(This is part of a series of posts on business intelligence & data warehousing trends for 2008.)
Dazed and confused. Such is the fate of the thousands of BI customers of Business Objects (BOBJ), Cognos (COGN) and Hyperion as their respective acquirers – SAP (NYSE:SAP), IBM (NYSE:IBM) and Oracle (NYSE:ORCL) - decide how to shape their future product lines.
For the acquirers this future involves, obviously, integrating the newly acquired products with their existing products and service offerings. But they also need to determine how to blend in the dozens of other acquisitions they made in the last couple of years. For example, how do Business Objects, Cognos and Hyperion fit within SAP, IBM and Oracle, respectively?
And it gets even more complex: the acquired companies had been on acquisition binges of their own. For example, how do Applix and Celequest (both acquired by Cognos) integrate with Cognos 8 and IBM’s OLAP (via its Alphablox acquisition?)
Acquisitions begat acquisitions begat acquisitions. Change is good if it helps you. These changes will certainly help the software titans that acquired these terrific BI firms, but will they benefit existing customers or prospects? Of course, the titans will say yes but…
For the last several years, Business Objects, Cognos and Hyperion customers have lived through product line transitions as each of those companies acquired dozens of companies. Marketing presentations explaining multiple-release, multiple-year product roadmaps became the order of the day. Many customers struggled to keep up with the latest upgrade and product capabilities.
The acquisitions by IBM, SAP and Oracle will only exacerbate this situation. Sure, there was that marketing slide showing you the promised software nirvana, but it cost money, time and resources to keep up.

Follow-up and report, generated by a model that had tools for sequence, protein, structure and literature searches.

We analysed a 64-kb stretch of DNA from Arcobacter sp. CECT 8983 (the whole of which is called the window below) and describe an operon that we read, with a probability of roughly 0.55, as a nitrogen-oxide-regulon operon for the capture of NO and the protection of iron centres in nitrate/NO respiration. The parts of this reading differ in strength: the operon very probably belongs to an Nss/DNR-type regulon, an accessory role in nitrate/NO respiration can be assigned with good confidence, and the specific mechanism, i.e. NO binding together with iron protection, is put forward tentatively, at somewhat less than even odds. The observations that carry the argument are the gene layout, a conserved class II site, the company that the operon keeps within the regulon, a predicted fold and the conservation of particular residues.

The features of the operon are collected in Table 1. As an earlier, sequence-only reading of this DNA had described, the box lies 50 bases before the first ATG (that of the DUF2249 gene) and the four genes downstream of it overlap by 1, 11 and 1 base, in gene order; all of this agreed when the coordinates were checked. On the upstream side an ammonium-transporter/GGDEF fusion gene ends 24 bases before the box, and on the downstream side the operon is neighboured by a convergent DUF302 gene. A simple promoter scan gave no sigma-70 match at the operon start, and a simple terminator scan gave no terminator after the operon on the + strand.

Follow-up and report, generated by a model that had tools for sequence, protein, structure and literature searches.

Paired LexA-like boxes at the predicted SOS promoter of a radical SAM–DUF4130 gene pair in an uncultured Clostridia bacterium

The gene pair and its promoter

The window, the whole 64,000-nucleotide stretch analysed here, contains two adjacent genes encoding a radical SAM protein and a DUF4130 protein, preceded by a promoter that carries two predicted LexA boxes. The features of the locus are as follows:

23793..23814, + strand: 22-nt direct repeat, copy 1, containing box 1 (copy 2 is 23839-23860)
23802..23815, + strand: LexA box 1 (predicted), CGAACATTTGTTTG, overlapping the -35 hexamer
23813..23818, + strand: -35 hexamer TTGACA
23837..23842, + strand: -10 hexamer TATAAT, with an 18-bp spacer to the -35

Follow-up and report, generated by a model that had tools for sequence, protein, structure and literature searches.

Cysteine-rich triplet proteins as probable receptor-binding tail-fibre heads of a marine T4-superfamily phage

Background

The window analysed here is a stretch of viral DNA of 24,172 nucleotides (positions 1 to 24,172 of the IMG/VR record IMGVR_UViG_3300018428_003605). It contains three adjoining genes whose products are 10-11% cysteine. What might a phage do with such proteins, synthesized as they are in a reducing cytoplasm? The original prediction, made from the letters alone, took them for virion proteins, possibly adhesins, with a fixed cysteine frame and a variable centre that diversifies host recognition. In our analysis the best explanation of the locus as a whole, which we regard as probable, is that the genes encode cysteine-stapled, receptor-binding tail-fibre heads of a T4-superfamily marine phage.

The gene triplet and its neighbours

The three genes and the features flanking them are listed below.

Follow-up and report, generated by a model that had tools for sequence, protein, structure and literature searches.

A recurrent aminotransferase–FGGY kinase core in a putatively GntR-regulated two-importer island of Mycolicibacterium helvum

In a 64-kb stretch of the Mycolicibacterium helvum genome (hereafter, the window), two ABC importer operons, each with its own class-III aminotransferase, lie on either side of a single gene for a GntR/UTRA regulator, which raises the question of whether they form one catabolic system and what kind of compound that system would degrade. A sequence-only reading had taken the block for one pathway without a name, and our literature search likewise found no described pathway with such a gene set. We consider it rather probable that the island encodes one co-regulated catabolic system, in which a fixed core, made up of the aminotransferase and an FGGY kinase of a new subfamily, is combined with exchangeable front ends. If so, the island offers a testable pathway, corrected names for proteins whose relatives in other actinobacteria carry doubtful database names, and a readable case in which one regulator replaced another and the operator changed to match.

The product upgrades were beneficial to the software firm by expanding its offerings and most likely reducing its costs, but what about their customers? More upgrades, more expense and most likely little additional business benefits. No business ROI. In fact, it might even be negative.
Without making a value judgment as to whether the end result is worth it, it is clear the journey that existing customers will face just to keep up with the vendors’ product roadmaps and upgrades will be daunting.
I understand that the software vendors feel that each upgrade offers value to their customers. But they'd get a different opinion if they surveyed the customers, especially the people funding these efforts. Customers continue to extend the time between upgrades for obvious reasons (at least to them and their businesses.)
Regardless of whatever else happens this year, many BI/DW/PM customers will be presented with a product roadmap (with much fanfare) and will be faced with an upgrade to reach the product Holy Grail (as described in those slides.) In this era of constrained budgets, putting resources into an upgrade usually means postponing creating new uses of BI/DW/PM.